Location within the Faroe Islands
|State||Kingdom of Denmark|
|Constituent country||Faroe Islands|
|• Total||286.3 km2 (110.5 sq mi)|
|Time zone||UTC+0 (GMT)|
|• Summer (DST)||UTC+1 (EST)|
Eysturoy is separated by a narrow sound from the main island of Streymoy. Eysturoy is extremely rugged, with some 66 separate mountain peaks, including Slættaratindur, the highest peak in the archipelago at 2,890 feet (880 metres). The country's two longest fjords, Skálafjørður in the south and Funningsfjørður in the north, almost split the island in two halves. The isthmus in between, Millum Fjarða, is one of the flattest areas in the country. Important settlements on Eysturoy are Fuglafjørður in the north and the densely populated area of the municipalities of Runavík and Nes in the south.
Eysturoy is connected with Streymoy by the Streymin Bridge over the Sundini. Leirvík on the east coast of the island is the gateway for transport connections to the north-eastern islands, particularly Klaksvík on the island of Borðoy, which is the Faroes' second-largest town. In December 2020, the sub-sea Eysturoyartunnilin (the Eysturoy Tunnel) was opened, creating a direct link between Runavík, Strendur and Tórshavn.
Sites of interest on Eysturoy include the villages of Eiði and Gjógv, the latter having a small natural port in a rock column; the Blásastova historical museum in the village of Gøta; and the varmakelda (thermal springs) of Fuglafjørður. Off the northern tip of the island are the basalt sea stacks Risin og Kellingin.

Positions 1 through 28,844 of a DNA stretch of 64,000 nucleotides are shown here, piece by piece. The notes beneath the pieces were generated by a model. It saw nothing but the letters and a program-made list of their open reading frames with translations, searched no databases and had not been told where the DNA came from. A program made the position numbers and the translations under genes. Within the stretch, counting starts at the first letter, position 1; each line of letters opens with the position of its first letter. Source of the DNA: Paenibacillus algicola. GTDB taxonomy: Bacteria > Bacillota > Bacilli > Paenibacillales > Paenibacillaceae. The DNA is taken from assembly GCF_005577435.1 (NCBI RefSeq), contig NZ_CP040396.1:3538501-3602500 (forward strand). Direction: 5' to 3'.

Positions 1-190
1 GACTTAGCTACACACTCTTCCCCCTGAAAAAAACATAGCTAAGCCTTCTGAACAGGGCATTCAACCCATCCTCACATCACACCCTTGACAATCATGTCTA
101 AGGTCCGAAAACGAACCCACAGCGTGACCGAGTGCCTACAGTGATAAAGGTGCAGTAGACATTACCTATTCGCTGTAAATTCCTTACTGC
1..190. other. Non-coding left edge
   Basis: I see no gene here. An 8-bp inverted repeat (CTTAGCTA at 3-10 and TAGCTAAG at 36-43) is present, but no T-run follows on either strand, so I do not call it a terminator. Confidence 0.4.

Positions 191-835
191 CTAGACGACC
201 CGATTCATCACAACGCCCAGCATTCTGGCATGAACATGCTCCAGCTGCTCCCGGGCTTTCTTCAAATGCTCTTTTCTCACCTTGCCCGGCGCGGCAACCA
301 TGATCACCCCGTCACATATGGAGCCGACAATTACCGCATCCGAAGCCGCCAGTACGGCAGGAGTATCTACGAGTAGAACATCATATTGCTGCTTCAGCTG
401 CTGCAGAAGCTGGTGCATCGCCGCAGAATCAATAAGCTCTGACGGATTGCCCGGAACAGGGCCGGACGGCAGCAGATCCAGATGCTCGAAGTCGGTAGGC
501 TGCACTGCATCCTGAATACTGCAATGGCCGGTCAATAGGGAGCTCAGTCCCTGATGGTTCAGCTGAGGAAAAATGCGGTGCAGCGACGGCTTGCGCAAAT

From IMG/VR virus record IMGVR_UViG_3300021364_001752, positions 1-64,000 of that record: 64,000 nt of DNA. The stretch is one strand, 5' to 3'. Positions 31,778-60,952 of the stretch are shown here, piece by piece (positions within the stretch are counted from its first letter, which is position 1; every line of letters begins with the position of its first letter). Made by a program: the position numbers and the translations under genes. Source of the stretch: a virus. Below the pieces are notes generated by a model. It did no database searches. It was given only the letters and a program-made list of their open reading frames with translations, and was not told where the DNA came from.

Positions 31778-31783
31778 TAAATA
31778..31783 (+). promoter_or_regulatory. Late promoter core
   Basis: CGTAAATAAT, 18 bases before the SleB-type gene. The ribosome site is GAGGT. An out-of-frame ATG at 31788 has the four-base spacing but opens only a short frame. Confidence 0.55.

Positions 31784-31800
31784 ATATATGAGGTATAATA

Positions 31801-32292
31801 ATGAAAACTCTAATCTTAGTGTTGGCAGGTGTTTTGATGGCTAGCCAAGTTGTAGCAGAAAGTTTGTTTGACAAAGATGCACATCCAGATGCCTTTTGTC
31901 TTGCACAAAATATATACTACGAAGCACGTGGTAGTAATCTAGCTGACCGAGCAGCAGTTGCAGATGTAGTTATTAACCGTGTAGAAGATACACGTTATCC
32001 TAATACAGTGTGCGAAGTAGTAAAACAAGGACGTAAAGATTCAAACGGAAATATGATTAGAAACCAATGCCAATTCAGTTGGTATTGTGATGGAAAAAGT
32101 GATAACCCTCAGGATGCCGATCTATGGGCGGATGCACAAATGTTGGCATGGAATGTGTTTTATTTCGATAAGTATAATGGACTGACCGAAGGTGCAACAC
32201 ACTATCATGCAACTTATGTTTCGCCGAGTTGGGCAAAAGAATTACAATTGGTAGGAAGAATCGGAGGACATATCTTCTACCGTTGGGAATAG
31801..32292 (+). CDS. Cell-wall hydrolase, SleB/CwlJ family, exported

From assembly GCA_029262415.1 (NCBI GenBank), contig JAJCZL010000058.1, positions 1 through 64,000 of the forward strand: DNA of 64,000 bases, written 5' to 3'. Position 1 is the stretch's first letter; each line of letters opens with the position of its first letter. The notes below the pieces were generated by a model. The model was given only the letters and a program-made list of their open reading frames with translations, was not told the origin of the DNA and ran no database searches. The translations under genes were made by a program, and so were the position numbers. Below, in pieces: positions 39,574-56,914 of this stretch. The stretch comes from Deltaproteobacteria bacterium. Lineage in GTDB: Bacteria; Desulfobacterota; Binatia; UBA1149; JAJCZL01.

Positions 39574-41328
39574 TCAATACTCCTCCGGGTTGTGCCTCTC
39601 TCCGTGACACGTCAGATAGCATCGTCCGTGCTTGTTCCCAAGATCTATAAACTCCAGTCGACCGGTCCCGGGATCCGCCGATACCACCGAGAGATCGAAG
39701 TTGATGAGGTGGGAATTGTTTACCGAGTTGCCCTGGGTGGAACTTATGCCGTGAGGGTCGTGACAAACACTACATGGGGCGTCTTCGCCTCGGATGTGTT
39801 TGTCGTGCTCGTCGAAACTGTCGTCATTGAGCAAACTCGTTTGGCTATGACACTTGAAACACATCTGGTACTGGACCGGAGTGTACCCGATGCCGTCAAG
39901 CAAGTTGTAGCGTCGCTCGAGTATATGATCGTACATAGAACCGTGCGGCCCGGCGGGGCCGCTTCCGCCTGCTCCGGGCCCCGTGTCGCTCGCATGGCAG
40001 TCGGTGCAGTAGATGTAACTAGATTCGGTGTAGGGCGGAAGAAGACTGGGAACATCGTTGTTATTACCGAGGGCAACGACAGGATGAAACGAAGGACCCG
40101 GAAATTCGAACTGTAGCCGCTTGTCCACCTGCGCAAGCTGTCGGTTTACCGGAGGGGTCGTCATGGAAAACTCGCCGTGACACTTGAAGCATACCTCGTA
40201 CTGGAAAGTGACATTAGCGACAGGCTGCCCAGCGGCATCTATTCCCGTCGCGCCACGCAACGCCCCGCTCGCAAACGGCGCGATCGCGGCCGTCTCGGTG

The town of Glyvrar on the eastern coast of Eysturoy is the home-base for Bakkafrost, the largest company in the Faroe Islands. Bakkafrost is the eighth-largest fishing company worldwide. Four out of ten Premier league football clubs are in Eysturoy: IF (Fuglafjørður), NSÍ (Runavík), Skála ÍF and Víkingur (Norðragøta). There are regional rowing festivals in Fuglafjørður (Varmakelda), Runavík (Eystanstevna), and one alternating between Skáli, Strendur and Vestmanna (Fjarðastevna). Accepted grind beaches are in Fuglafjørður, Funningsfjørður, Norðra- and Syðragøta, Norðskáli and Skálafjørður.
Important Bird AreaEdit
The north, north-east, and south-east coasts of the island have been identified as an Important Bird Area by BirdLife International because of their significance as seabird breeding sites, especially for Manx shearwaters (2500 pairs), European storm petrels (500 pairs) and black guillemots (300 pairs).
- Statistical Database
- "portal.fo - Føroysk alifyritøka er áttinda størst í heiminum". Archived from the original on 2015-10-29. Retrieved 2018-11-23.
- BirdLife International. (2012). Important Bird Areas factsheet: Eysturoy. Downloaded from "Archived copy". Archived from the original on 2007-07-10. Retrieved 2012-11-14.CS1 maint: archived copy as title (link) on 2012-02-22.
- Viderö, Kristian Osvald. Saga Eysturoyar. Tórshavn: Bókagarður, 1994.
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